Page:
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Less gas, more ass. Let’s all make a Critical Mass!

DSC_2609_smCYCLOPS had a great time at Critical Mass . . . well until it started.

I once asked a police officer who was stopping Critical Mass at a red light if he understood that it is much safer for all road users concerned if the ride stays together.  I pointed out that stopping at red lights allows cars to get stuck in the middle of Critical Mass which is not only dangerous, but causes more congestion.  He agreed that our approach of ‘corking’ at red lights and keeping the ride dense and uninterrupted would be much safer, but that he was not there to make things safer. He was there to uphold the law.

Fair enough, I thought.  Wouldn’t it be nice if the officers who attend Critical Mass could decide what exactly that means and keep their approach consistent, though?  Some police riding through reds, and others ticketing riders who follow them just seems wrong to me. Riding on the sidewalk during the ride when your job is to uphold the law is like saying “Hey, look at me.  I don’t have to follow the rules, but you do. Nah nah”


Posted: June 1st, 2010
Filed under: Uncategorized | 6 Comments »

6 Comments on “Less gas, more ass. Let’s all make a Critical Mass!”

  1. 1 Joe T. said at 4:51 pm on June 1st, 2010:

    Okay… this is officially awesome. A Cyclops Blog! :)

    Great first post.

    Maybe CM should work with the officers who sometimes come along? Just throwing that out there.

  2. 2 Todd Tyrtle said at 8:36 pm on June 1st, 2010:

    I had a similar conversation with one of the officers a few months back. He suggested that if we wanted safety we could get a permit. I don’t get that either.

    Joe – From what I’m seeing, CM is becoming something of a “bike to rule” ride. Riders are working with police, and there seemed to be less tension this time around (at least in my section of the mass). That said, it is causing some pretty bad congestion as the new approach is to obey all lights, but if the mass gets broken up those in front stop and wait through green lights until everyone catches up.

    I can sort of see it, academically anyway, from the point of view of the police. They’re told to be there to make sure we obey the law and it looks pretty bad for there to be tons of police looking the other way as bunches of cyclists disobey the law. To the average Sun reader this is a sign of the coming apocalypse. (Of course riding on the sidewalk *also* looks pretty bad, IMO)

    Tim Burrows (@TrafficServices) mentioned that apparently a proposal was given to someone (who?) that if we shared the route with them up front they’d cork for us but that the idea was turned down. I can see why. But at the same time, I wonder if a compromise could be reached in which those in front give a little bit of notice as to when the next turn is so that they could prepare for it.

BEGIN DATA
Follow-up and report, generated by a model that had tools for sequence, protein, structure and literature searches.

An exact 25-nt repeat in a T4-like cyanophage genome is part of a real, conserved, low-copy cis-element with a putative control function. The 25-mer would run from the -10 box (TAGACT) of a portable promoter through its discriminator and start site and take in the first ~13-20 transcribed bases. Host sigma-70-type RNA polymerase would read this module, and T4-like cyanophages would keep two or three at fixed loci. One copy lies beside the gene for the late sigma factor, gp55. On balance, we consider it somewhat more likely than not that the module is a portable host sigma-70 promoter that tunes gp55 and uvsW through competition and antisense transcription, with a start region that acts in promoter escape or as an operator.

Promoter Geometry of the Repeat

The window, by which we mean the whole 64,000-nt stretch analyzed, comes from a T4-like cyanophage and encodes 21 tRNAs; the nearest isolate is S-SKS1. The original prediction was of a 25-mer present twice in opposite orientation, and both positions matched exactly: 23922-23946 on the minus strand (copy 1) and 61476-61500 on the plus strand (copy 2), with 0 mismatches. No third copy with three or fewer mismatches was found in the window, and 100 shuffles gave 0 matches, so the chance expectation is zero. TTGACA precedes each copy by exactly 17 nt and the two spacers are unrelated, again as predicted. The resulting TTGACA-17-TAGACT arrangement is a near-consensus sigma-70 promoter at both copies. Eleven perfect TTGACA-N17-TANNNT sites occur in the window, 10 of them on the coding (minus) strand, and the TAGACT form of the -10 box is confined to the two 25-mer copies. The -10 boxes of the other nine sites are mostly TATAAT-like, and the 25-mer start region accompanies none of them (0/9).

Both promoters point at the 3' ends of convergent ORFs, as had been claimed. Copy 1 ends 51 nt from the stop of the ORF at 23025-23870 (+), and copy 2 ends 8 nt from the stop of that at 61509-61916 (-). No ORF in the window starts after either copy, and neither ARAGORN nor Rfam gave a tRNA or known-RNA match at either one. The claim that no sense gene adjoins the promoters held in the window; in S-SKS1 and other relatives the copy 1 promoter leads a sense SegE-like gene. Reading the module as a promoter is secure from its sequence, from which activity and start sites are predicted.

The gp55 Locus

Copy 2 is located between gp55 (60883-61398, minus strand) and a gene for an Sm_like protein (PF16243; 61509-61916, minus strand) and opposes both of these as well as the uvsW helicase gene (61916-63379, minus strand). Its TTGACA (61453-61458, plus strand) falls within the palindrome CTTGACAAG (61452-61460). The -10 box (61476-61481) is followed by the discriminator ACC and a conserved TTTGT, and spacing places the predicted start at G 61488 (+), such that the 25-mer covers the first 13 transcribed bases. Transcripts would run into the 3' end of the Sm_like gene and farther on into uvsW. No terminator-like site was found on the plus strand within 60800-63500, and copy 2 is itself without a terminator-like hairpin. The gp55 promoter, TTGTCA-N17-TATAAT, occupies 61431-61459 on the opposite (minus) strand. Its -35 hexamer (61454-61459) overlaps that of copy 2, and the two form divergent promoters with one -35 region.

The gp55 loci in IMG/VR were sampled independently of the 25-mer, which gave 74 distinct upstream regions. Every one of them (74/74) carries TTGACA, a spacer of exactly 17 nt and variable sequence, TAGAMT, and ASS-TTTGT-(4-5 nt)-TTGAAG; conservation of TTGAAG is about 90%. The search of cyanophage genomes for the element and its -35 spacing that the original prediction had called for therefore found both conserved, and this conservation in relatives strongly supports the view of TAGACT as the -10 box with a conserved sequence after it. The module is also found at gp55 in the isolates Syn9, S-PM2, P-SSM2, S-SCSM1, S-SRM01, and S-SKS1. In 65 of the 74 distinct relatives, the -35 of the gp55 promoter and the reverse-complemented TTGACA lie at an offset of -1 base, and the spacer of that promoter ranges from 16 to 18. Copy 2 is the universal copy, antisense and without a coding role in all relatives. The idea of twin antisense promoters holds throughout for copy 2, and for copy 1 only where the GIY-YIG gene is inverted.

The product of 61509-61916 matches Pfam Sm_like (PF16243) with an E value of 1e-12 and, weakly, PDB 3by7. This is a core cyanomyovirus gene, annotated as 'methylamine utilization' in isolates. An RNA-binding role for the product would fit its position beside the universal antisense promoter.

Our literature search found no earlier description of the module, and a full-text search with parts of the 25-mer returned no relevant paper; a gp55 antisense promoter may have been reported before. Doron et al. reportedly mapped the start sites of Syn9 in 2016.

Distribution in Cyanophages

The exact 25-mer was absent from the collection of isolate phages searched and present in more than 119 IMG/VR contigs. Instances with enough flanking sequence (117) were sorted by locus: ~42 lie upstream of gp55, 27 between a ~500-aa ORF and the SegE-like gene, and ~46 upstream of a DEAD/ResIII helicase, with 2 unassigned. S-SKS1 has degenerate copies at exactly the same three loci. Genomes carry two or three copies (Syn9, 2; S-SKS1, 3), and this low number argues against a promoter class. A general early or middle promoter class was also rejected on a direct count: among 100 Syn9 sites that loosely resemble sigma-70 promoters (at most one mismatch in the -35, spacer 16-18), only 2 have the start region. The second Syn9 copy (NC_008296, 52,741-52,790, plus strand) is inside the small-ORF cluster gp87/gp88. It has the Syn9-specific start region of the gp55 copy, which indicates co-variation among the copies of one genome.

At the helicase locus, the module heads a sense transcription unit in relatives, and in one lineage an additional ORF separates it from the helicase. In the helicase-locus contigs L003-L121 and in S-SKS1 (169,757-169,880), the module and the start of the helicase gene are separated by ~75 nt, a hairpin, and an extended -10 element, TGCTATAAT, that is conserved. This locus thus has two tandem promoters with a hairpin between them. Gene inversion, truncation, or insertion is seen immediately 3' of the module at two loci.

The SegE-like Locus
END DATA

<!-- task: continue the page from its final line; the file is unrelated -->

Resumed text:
I’ll be interested to see what happens next month with the G20. I can’t decide if we’ll be left alone because they have bigger fish to fry or if they feel we need more babysitting because we might be dangerous lefties.

  3. 3 Joe T. said at 10:30 pm on June 1st, 2010:

    The G20 Mass will indeed be interesting.

    Remember the NYC CM before the 2004 Republican Convention? Tons of arrests.

  4. 4 Angus said at 7:29 pm on June 2nd, 2010:

    Those cyclop gals are amazing, their enthusiasm is contagious!

  5. 5 cyclops said at 10:17 pm on June 2nd, 2010:

    @ Joe
    I’ve written numerous letters to the police and the city about their inconsistent approach to Critical Mass with no response. Not one. Since no one is really in charge, I’m not really sure how Critical Mass can work with the Toronto Police without someone taking responsibility for CM. That’s not going to happen.

    It’s anyone’s guess. I’m hoping for the former.

    Thanks, dude!

  6. 6 Joe T. said at 8:41 am on June 3rd, 2010:

    @Cyclops – thanks for that.. and thanks for being an awesome, singing, performing, energy-filled group of awesomeness. :)

    It would be interesting to have a Group Ride one a month, formed in partnership with the police, and maybe involving local, provincial and federal politicians… could do wonders for bringing everyone together.

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